A quarter-century after TICAD I convened in Tokyo in 1993, this ground-breaking forum for Africa-Japan dialogue on development reached a major turning point with TICAD VI in Nairobi in 2016. Japanese Prime Minister Shinzo Abe headed a huge Japanese delegation to Kenya's capital for the first TICAD held on African soil. Yet while no one would deny the powerful symbolism, Ambassador of the Republic of Kenya in Japan S.K. Maina likes to also recall an earlier milestone. “The defining moment for TICAD,” says the Ambassador, “was TICAD V in Yokohama, Japan, where the leaders first said that we need to involve the private sector and move TICAD to Africa....It has changed TICAD's whole perspective.”
 There can be little doubt that previous TICAD forums have had a significant impact on African development. Since that first 1993 dialogue, transportation corridors have been built, ports modernized, education and public health improved. However, with many early TICAD goals being achieved, African participants increasingly feel the need to shift attention to Africa's competitiveness in global markets. “Japan mooted the TICAD process...when African countries were going through very difficult times,” says Ambassador Maina. Now, however, the World Bank is forecasting 6.17% per annum GDP growth for Kenya, while Africa's population is expected to reach 2 billion by 2050.
 TICAD participants clearly are focused on new dynamics. TICAD VI, for instance, held discussions on universal health care, social stability, and terrorism and radicalization. “Africa has moved very fast,” says the Ambassador, “and so we are saying, we are now ready for serious business...we have now reached the level of ‘partnership.’”
 From building railways and hospitals to debating global market access for African agricultural exports and boosting hi-tech startups, the issues facing TICAD 7 delegates in Yokohama next year will be very different from those their 1993 predecessors confronted. Prime Minister Abe's “Free and Open Indo-Pacific Strategy” plan unveiled in Nairobi adresses issues facing this new world order. “Kenya is a firm believer in rules-based international systems,” says the Ambassador, “we all have to trade among ourselves. If we don't, we all will suffer.”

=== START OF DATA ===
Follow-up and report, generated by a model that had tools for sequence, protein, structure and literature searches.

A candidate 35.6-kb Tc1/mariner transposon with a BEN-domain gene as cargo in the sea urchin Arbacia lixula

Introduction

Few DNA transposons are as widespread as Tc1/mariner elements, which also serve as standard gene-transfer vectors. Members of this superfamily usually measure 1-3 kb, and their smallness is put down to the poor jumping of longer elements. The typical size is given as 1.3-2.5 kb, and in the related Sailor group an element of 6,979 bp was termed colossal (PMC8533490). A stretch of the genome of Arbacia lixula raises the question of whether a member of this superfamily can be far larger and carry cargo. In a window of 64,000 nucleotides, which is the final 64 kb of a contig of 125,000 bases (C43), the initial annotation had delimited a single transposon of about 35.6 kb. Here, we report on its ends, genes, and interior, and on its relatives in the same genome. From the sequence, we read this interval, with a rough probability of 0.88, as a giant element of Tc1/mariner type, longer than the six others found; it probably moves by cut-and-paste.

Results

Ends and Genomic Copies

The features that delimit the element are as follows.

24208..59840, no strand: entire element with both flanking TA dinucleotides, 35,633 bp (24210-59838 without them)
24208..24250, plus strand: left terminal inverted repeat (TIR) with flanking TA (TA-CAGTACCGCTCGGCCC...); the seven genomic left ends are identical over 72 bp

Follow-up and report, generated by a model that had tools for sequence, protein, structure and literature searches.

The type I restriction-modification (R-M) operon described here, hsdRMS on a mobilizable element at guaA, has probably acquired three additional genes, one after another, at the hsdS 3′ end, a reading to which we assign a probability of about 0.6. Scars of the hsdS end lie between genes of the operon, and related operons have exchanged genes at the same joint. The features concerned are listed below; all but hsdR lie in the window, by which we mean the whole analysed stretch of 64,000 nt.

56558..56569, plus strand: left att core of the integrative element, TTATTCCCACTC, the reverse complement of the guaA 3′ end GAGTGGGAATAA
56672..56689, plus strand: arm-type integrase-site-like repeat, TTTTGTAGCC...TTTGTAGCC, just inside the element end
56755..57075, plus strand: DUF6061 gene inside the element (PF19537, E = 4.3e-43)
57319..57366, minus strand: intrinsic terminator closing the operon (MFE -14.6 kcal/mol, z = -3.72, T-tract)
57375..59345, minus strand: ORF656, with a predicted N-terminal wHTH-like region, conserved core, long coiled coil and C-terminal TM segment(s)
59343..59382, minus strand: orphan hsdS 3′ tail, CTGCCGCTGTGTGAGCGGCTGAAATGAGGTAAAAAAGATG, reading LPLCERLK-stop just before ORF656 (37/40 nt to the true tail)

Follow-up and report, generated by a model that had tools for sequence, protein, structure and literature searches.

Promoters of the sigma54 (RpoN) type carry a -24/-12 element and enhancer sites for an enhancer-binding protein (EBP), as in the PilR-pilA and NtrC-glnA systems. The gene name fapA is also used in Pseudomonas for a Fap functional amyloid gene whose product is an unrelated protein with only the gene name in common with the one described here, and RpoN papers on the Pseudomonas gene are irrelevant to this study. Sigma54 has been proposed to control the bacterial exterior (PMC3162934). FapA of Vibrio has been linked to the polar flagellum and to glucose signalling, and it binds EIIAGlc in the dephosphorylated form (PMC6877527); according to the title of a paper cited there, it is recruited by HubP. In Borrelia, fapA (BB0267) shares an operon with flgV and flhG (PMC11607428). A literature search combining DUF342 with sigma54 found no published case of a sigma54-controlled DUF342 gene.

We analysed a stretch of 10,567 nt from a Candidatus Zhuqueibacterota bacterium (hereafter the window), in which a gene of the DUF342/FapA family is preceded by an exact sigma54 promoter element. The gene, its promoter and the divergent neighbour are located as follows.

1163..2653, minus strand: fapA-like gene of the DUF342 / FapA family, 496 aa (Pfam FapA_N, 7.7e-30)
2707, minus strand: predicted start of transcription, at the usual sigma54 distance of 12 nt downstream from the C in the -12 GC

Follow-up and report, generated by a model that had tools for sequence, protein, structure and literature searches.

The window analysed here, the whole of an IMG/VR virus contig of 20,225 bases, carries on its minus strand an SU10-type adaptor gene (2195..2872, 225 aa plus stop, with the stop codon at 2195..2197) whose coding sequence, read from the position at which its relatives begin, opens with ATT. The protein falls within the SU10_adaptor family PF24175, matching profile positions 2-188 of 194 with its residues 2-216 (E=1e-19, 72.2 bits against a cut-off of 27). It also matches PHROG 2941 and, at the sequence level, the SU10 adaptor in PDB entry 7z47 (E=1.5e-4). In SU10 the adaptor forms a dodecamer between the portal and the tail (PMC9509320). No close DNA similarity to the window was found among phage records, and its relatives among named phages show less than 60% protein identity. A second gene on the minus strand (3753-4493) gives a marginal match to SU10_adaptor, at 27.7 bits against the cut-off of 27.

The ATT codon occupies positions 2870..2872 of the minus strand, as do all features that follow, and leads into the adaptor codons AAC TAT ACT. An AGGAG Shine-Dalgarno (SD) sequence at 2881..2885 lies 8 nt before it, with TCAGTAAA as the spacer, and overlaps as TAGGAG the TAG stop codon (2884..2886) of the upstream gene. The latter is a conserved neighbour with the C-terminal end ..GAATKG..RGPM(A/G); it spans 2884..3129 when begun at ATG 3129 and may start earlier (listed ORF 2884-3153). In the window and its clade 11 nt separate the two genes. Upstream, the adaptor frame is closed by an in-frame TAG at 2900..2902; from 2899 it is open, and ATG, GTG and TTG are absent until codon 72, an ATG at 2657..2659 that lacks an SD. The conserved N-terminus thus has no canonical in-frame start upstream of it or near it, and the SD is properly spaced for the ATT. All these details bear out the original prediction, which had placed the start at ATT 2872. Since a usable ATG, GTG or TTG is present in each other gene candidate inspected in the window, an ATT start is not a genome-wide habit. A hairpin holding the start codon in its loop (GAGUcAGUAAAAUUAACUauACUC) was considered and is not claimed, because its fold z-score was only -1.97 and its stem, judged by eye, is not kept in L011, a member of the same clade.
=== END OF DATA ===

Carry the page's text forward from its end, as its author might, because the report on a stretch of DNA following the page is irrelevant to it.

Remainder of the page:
Adding efficiency to partnering with Africa: TICAD

Aurélien Agbénonci

The Minister of Foreign Affairs and Cooperation of the Republic of Benin

 The objective of TICAD is to develop multilateral partnerships for Africa to tackle a wide array of challenges, extending beyond unidirectional support. Instead, it strives to provide the tools that lead to socioeconomic development, security, and peace through long-term partnerships. TICAD VI, held in Nairobi, Kenya, exemplified this mission.
 Lively and structured conversations between Africa, Japan, and other stakeholders made more powerful relationships possible. The Republic of Benin brought up the point that we consider human security, health, and economic growth to be the three pillars of improving life in Africa, and everyone agreed that the path for the improvement is financial strength.
 Establishing economic zones, eliminating corruption, and maintaining working environments is expected to drive private-sector investment, and TICAD is designing the framework to build new partnerships and strengthen existing ones for the development of Africa.